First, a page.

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So a follow up to my last Mathematica rant:

I have a JSON file made up of arrays of arrays of arrays with the outermost layer containing ~10,000 arrays.

So, my graphing works perfectly the first time for one of my graphs. I fix another unrelated graph, graph the whole file, and suddenly the first one stops working. The file read-in only reads in the array {2,13}. I double checked the contents of the file, they were as large as always.

Then, I proceed to look for bugs, find none, and decide to restart Mathematica. This doesn't help.

So I go back, find no bugs, and eventually am so fed up that I just restart Mathematica again, no changes.

Suddenly, the array reads in fine. Waiting for the graphs to come out but I think they'll be fine.

WTF Mathematica? Why must I restart TWICE to make bugs caused by your application go away?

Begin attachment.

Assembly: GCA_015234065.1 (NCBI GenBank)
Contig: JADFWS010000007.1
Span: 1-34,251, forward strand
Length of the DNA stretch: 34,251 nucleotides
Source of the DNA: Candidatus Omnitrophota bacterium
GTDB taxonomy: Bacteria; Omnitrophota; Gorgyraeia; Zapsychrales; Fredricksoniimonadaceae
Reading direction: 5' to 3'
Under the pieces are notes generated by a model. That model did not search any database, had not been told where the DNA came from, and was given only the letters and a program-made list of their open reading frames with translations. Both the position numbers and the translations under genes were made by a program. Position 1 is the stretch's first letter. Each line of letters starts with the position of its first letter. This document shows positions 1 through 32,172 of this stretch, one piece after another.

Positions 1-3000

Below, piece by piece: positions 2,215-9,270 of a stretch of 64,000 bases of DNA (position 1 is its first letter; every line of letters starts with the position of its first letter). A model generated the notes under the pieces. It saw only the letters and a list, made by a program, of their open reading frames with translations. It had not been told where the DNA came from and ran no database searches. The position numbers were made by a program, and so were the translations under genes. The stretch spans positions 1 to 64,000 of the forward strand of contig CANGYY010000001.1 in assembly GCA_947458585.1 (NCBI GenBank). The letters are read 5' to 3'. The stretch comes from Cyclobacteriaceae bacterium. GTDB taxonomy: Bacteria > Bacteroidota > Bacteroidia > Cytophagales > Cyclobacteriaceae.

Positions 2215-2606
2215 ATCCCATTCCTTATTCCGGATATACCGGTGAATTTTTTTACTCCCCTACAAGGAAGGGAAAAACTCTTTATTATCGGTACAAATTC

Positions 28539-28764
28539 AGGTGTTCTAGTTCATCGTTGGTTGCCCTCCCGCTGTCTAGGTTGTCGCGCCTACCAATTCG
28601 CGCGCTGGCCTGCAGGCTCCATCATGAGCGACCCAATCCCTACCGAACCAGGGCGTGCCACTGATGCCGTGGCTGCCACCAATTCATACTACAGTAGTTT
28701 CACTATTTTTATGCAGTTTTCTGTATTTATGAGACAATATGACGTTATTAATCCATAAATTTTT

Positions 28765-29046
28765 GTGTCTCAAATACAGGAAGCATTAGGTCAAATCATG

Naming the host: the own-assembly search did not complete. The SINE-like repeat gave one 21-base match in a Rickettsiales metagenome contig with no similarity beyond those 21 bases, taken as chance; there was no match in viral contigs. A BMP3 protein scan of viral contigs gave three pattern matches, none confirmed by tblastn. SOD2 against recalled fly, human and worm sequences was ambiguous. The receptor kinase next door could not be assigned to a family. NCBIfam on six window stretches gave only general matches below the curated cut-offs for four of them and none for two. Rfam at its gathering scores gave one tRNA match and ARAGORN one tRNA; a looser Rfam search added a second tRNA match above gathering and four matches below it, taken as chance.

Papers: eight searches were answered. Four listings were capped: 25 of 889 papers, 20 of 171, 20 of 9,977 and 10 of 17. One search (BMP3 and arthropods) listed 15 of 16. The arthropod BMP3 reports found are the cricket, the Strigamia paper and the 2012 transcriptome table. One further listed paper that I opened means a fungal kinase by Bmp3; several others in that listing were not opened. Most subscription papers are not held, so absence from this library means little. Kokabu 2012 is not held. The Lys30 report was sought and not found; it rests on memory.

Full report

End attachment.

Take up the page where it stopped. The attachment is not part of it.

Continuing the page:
Comments
  • 3
    I kinda want to see this json file.
  • 2
    @bkwilliams You can. My advisor committed all of the data to the GitHub repo (I know 😥) , here. https://github.com/MathTauAthogen/...

    It's all in the data folder, pick any file, preferably with a low number of variables.
  • 2
    @Mathtauathogen

    I tried to open that json to view it and i got: "file is too big to show"

    Does it mean you work with Big Data?
  • 1
    @Gregozor2121 No. The large data files are just data from a bunch of randomly generated mathematical objects (more info is in the repository I think), which I'm using Mathematica to analyze.
  • 2
    Reminds me of my lab days when we tried processing some MB image files with Maple. Took a macroscopic amount of time, several min, so with the bunch of files we had, we needed to pull an all nighter just to finish.
    Next time we took PAW the predecessor of Root, which was so fast compared to stupid scripting languages.
    (Just recalled I had some Mathematica script to diagonilize some huge Hamiltonian - didn't get far. But Lapack also did not take me much further.)
  • 0
    @phorkyas Several minutes, you say? My graphs are taking ~30 min each. Setting them aside for 1 hour only yields two graphs. And that's for the ones with less computation.
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